As I write, the unexpected five-day weekend is nearing a close and all five members of the Holt family are present and accounted for.
Before the forecast of ALL THE ICE AND SNOW, our plan was to leave Friday afternoon to drive home to West Tennessee to celebrate my stepdad’s birthday. Then Carol called on Thursday afternoon and I ran down to Walmart to fist fight an elderly man over a loaf of Bunny bread and the last gallon of milk. Then I realized that I didn’t even need those items because we would be gone all weekend, but it’s good to stay on top of your grocery store brawling game.
We hurried to load the kids, dog, snow gear, birthday party supplies, snacks, pillows, electronics and sedatives in the van and got out of town ahead of the weather. We arrived late on Thursday night and woke up to a winter wonderland on Friday. The kids were thrilled and we watched the radar all day to see the snow dome take effect and crush our Middle Tennessee friends’ dreams of a real snow day.
The ensuing cycle of “get bundled up, play outside for an hour, strip off all the layers, come inside and drink hot chocolate, watch a movie, repeat” was the name of the game Friday, Saturday and Sunday. The birthday party was cancelled, everyone stayed home, and even church was called off.
It was wonderful, and it was disorienting. It was that same feeling I had between Christmas and New Year’s that I had no purpose other than holding down the end of the couch and finding out how many days one can wear the same pajamas.
I had been eager to get back to a routine and feel like a useful human being when the kids got back in school, yet here I am again, purposeless and perpetually pajama’ed. My theory that “laziness begets laziness” has held true — the longer I lounge, the less likely I am to be interested in movement.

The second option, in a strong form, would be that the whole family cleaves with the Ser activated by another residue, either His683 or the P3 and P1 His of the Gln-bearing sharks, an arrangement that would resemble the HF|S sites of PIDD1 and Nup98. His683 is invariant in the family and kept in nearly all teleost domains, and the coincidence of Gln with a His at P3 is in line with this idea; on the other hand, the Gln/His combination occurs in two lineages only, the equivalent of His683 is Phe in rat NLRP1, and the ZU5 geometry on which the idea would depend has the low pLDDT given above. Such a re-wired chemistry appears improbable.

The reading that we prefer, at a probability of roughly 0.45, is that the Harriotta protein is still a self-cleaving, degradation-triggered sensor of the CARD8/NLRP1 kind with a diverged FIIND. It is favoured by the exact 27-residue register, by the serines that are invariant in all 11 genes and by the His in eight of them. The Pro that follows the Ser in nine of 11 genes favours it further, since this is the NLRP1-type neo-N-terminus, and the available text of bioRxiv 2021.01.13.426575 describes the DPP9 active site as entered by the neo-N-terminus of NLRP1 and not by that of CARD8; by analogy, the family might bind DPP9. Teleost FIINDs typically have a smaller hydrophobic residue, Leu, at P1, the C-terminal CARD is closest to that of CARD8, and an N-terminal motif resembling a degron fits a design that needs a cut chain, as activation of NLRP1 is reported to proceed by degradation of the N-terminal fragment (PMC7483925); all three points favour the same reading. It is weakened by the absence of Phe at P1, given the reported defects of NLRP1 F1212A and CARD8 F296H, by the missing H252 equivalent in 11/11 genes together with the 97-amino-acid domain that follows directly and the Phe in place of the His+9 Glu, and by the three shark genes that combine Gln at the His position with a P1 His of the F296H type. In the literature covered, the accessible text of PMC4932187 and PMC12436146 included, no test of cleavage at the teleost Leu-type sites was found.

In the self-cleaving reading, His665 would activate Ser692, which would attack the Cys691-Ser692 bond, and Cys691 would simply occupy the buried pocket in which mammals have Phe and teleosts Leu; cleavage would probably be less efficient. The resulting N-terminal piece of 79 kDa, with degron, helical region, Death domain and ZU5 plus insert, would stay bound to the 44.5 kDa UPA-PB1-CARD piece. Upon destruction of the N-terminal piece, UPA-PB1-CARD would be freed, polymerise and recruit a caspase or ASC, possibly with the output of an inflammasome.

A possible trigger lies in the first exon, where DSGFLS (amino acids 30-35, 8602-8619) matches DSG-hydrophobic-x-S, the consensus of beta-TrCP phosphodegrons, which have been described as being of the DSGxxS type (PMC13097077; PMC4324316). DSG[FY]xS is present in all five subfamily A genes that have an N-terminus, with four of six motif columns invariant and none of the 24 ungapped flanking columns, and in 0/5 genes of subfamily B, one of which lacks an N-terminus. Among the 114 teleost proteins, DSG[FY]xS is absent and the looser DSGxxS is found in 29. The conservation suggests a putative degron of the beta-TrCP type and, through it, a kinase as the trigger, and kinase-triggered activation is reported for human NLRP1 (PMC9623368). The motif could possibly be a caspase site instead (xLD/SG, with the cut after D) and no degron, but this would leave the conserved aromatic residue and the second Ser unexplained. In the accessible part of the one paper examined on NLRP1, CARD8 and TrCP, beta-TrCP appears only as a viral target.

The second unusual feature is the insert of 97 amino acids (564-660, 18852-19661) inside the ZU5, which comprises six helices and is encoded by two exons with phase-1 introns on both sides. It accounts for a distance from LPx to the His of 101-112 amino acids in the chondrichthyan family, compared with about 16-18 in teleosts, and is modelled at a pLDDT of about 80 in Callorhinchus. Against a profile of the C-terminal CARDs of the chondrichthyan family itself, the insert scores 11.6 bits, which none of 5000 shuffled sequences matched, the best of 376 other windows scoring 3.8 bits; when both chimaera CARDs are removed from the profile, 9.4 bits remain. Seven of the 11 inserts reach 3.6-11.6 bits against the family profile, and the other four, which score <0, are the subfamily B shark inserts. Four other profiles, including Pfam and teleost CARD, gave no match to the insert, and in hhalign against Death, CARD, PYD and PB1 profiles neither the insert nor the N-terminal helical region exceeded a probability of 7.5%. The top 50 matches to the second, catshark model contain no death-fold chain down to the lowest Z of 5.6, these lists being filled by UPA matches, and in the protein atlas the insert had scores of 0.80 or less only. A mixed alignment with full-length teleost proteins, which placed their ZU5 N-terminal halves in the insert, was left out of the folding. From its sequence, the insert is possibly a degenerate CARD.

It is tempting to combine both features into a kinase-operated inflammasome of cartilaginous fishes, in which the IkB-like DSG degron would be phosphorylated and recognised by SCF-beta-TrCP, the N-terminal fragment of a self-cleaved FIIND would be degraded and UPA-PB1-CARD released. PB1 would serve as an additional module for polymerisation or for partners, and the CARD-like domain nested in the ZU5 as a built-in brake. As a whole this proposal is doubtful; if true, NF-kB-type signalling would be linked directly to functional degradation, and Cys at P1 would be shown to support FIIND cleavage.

I did, however, find two exciting new exercises that can be done while wearing pajamas, even when conditions outdoors are treacherous.
I had to take our 95-pound dog for a walk on the icy driveway. I kept her on the leash so she wouldn’t run onto the nearby highway where every person who owns a gigantic farm truck was driving 80 mph on the ice en route to their very urgent tasks of proving they can drive in the snow and surveilling the town’s roadways. (“Yep. Pretty bad out there. Y’all better stay home.”)
If you don’t spend much time with year-old Labradors, you might not know that they have the energy level of ten preschoolers on Pixy Stix. I slid on my furry boots and put my coat on over my PJs, which is important, because if you are going to participate in the winter equivalent of water skiing, you should wear slick-soled shoes and clothing that would immediately soak through in the event of a fall.
All you have to do is clip the dog to the leash and let her out of the house for the first time in hours. She will take off like Usain Bolt at the Olympics and drag you behind her, flailing and cursing, trying to stay upright. You will strategize on how best to gain your footing before you reach the road, then drag the dog back to the house, continuing to curse between ragged gulps of icy air.
If you’d prefer to get your exercise indoors, all you’ll need is a weirdo four-year-old and some agility. There may be only one four-year-old on planet Earth that can assist you in this exercise, and he happens to be the one I birthed. He is exactly butt height and his hobby is sneaking up behind you and just sticking his face right in your butt.
The exercise comes in the form of avoiding him and sensing his presence in time to turn your body around and lean against furniture until he finds another victim. It’s like being stalked by a predator, it will really get your heart rate up. The child is small and sneaky and absolutely determined to find all the butts.
If you’re interested in this form of exercise, kindly contact me and I’ll negotiate a rate for him to come terrorize you. I’ll arrive via snow dog waterski.
Overheard at the salon: If your neighbor won’t bring you toilet paper in your time of need, is she really your neighbor?